The untitled ninth studio album by American rapper Nas, commonly referred to eponymously as Nas, or simply Untitled, was released on July 15, 2008 by The Jones Experience and Def Jam Recordings. Its original title Nigger was omitted due to controversy surrounding the racial epithet. The album is distinguished for its political content, diverse sources of production, and provocative subject matter. The album features guest appearances from Chris Brown, Keri Hilson, Busta Rhymes, and The Game, among others.
The album debuted at number one on the US Billboard 200, becoming Nas' fifth to do so, and was certified gold by the Recording Industry Association of America (RIAA) for shipments of over 500,000 copies in the United States. Upon its release, the album received generally positive reviews from critics.
The original title of the album, Nigger, was mentioned by Nas several times, as well as on an October 12, 2007, performance at the Roseland Ballroom in New York City where he announced the title and release date. Def Jam made no comment on the title. This was similar to attempts to name his 2006 album, eventually titled Hip Hop Is Dead, to both Nigga and Hip Hop Is Dead... The N. On May 19, 2008, it was confirmed that Nas changed the name of the album to an untitled one (although on the iTunes Store, the album is self-titled), stating that \"the people will always know what the real title of this album is and what to call it.\" The cover of the album depicts the back of a shirtless Nas with flagellation scars forming the shape of the letter N, a reference to the racial slur and how slaves were tortured in the United States. Fort Greene, Brooklyn assemblyman Hakeem Jeffries requested New York's Comptroller Thomas DiNapoli to withdraw $84 million from the state pension fund that has been invested into Universal and its parent company, Vivendi, if the album's title was not changed.
L.A. Reid, chairman of Def Jam at the time, confirmed that the label fully backed Nas and his decision on naming his album. The album's original title received support from Eminem, Ice Cube, Jay-Z, Bishop Lamont, Alicia Keys, LL Cool J, Rev Run, Common, Akon, Method Man, Lupe Fiasco, David Banner, GZA, and Melle Mel, while receiving criticism from 50 Cent, Will Smith, Al Sharpton, Bill O'Reilly, Oprah Winfrey, Reverend Jesse Jackson and the NAACP.
Production credits for the album include stic.man of Dead Prez, DJ Green Lantern, Polow da Don, Salaam Remi, DJ Toomp, Stargate, Cool & Dre, Game, Mark Ronson, Mark Batson, Jay Electronica, J. Myers, Dustin Moore, Calvin McDaniel and Eric Hudson. Early reports of production mentioned that No I.D., DJ Khalil, Jermaine Dupri, Chris Webber and The Hitmen were contributing tracks, but their tracks failed to make the final cut for the album. DJ Premier stated in a 2009 interview with HipHopDX that he sent in a beat for Nas that Nas did not end up using on this album.
Guest artists featured on the album are Busta Rhymes, Keri Hilson, Game, Chris Brown, The Last Poets, Eban Thomas, Mulatto and Mykel. Although Jay Electronica produced the introductory track, he does not have a verse on the album, as previously stated by Nas.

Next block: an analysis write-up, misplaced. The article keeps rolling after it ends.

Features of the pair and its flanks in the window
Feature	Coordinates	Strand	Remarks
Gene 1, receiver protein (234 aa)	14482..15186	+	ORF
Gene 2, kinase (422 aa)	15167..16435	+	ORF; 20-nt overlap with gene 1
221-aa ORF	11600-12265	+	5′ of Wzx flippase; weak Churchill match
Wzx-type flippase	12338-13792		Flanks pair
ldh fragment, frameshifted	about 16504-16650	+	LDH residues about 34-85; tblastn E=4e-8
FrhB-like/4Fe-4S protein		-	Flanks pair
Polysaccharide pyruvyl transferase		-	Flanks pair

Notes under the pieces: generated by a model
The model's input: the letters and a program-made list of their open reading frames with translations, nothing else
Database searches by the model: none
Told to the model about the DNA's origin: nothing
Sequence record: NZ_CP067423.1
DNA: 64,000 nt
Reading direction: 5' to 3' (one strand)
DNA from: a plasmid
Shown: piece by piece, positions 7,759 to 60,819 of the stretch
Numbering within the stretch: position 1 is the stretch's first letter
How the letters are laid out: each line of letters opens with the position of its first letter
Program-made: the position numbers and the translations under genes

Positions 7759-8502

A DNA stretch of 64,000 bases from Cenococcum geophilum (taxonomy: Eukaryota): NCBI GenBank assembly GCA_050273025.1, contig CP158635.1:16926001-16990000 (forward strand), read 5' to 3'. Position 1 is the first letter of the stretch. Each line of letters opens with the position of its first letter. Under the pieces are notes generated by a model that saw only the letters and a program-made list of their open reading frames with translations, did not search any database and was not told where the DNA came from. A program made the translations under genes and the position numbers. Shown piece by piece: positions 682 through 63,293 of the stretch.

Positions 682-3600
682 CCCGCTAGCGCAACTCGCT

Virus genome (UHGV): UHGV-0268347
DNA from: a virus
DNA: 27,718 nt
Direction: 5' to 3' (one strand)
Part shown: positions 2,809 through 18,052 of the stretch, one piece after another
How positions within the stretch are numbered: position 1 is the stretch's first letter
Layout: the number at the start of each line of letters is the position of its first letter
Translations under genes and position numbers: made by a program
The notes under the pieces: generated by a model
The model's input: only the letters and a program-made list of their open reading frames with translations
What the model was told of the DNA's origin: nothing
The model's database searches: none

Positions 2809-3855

Nas released a mixtape with DJ Green Lantern titled The Nigger Tape on June 9, 2008. The mixtape, which was released through NasIndependenceDay.com, features three songs that were later included on the album, as well as various unreleased tracks. In July 2008, it was announced that apparel company Fila will be providing financial support for the album's marketing for one year. In exchange, Nas will wear Fila sneakers at his shows.
Prior to the release of the untitled album, Nas released a music video for \"Be a Nigger Too\", a song rumored to be the first single. In late June, Nas told Billboard magazine that \"Be a Nigger Too\" would not even be on the album because of sample clearance issues. During the same week, Nas released \"Hero\", the album's first official single. The song features a chorus sung by Keri Hilson, a beat produced by Polow da Don and lyrics about the music industry's stranglehold on artistry. The Game announced on BET's 106 & Park that \"Make the World Go Round\" is the next single of the album, which was debuted in November 2008. Nas has also released videos for \"Sly Fox\" and \"Y'all My Niggas\", however he does not appear in either of them.
Upon its release, the album received generally positive reviews from music critics, based on an aggregate score of 71/100 from Metacritic. Entertainment Weekly credited the album for its maturity as well as the album's ability to keep the listeners guessing. Andy Greenwald credits Nas, saying \"In a summer of \"Lollipop\", it's good to hear a complicated record that doesn't shy from grown-up ambition.\" The album received a 4.5 mic rating from The Source magazine. The Independent's Andy Gill gave it 5 out of 5 stars and described it as \"probably the most politically oriented rap album since the days of Public Enemy and The Disposable Heroes of Hiphoprisy\". In contrast, Los Angeles Times writer Jeff Weiss gave the album 2 out of 4 stars and wrote unfavorably of Nas's lyrics, perceiving his themes as hypocritical and inconsistent.
The album debuted at number one on the Billboard 200 album charts selling 187,078 copies in the first week of release. On September 11, 2008, the album was certified gold by the Recording Industry Association of America (RIAA) for sales of over 500,000 copies in the United States. 1e1e36bf2d